The football action scene depicted on the cover could lead a reader to believe that this is just a sports book. The thoroughly documented narrative, however, brings the reader so much more than the excitement of West Point football.

Nicolaus Mills moves the reader from the stadium bleachers into the minds and hearts of athletes who loved football and also loved their country.    Army Chief of Staff Gen. George C. Marshall, during World War II, said: “I want an officer for secret and dangerous mission. I want a West Point football player.”  Every Army Man is with You provides insight into what those words meant during the Vietnam War.

The author, a Sarah Lawrence College American Studies professor, follows the careers of seven men from West Point from the mid-sixties to the present. Early on he provides a list of military academy gridiron notables beginning with Dwight Eisenhower and Douglas MacArthur. All are USMA graduates, except Roger Staubach, who went to the United States Naval Academy. Staubach was the nemesis of the 1964 West Point team.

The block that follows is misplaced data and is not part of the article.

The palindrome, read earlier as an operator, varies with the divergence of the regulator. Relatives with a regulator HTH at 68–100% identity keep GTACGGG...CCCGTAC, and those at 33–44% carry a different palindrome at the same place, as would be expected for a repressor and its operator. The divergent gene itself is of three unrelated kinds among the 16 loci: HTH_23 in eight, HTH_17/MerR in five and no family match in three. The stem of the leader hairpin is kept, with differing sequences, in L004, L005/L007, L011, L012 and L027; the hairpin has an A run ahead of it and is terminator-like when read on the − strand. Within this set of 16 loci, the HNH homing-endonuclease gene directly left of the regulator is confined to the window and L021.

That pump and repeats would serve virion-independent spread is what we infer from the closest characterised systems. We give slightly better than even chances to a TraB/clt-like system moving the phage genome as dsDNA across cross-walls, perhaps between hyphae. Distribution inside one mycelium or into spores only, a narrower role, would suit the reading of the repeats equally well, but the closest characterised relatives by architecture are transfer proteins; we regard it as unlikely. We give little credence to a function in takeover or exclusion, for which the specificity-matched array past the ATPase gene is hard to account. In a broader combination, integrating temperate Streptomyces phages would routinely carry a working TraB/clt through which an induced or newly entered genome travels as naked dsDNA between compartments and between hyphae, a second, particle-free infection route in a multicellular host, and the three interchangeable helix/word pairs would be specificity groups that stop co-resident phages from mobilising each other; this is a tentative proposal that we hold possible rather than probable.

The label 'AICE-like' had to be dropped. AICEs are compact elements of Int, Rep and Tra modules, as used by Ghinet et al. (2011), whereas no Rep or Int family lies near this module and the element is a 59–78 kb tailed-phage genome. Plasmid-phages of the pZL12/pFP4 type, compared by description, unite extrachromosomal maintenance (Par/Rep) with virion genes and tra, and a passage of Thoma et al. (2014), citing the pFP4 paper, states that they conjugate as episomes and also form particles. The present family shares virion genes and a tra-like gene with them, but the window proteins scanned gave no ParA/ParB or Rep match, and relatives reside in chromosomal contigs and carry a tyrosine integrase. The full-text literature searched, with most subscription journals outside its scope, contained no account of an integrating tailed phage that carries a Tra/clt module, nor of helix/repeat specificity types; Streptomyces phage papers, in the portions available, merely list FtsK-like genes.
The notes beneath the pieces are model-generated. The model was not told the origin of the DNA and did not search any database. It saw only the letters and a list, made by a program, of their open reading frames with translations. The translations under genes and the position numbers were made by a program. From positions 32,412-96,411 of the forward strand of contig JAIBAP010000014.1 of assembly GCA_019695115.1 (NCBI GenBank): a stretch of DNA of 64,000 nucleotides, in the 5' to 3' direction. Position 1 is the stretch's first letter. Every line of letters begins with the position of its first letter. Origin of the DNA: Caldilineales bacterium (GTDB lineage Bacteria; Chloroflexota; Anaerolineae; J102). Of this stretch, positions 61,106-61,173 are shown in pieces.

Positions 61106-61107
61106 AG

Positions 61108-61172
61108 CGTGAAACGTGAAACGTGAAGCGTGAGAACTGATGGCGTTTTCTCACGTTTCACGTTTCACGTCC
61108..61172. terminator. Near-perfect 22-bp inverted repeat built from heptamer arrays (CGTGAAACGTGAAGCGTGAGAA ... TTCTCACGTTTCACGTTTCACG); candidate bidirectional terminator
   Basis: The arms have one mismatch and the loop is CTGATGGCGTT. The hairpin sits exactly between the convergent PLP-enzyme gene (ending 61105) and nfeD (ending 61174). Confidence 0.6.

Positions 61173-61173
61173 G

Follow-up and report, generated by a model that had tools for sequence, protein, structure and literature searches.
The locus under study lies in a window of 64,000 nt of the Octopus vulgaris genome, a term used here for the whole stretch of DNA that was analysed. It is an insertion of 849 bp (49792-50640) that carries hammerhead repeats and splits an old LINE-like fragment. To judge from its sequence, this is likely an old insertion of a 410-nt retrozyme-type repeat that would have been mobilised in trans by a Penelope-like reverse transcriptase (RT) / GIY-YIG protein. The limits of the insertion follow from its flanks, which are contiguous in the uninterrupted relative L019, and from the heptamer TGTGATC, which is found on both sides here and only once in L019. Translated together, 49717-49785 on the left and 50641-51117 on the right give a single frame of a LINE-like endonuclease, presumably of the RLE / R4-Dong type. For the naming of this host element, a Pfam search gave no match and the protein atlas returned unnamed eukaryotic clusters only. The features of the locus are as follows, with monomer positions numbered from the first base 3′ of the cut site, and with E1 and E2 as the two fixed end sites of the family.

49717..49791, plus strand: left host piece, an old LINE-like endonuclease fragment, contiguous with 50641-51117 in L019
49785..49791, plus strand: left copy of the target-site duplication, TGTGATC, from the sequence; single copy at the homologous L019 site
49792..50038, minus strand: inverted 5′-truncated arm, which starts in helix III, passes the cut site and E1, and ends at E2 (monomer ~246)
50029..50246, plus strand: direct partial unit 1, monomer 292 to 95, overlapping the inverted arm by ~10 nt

The Army- Navy game that year was the first Army victory over Navy in six years. The book contains many quotes that make interesting reading because they provide insights into the Army players on and off the field.

Eisenhower, for example, said: “It would be difficult to overemphasize the importance I attach to participation in sports,” and “I so loved the fierce bodily contact of football that I suppose my enthusiasm made up somewhat for my lack of size.” This from a man of 152 pounds.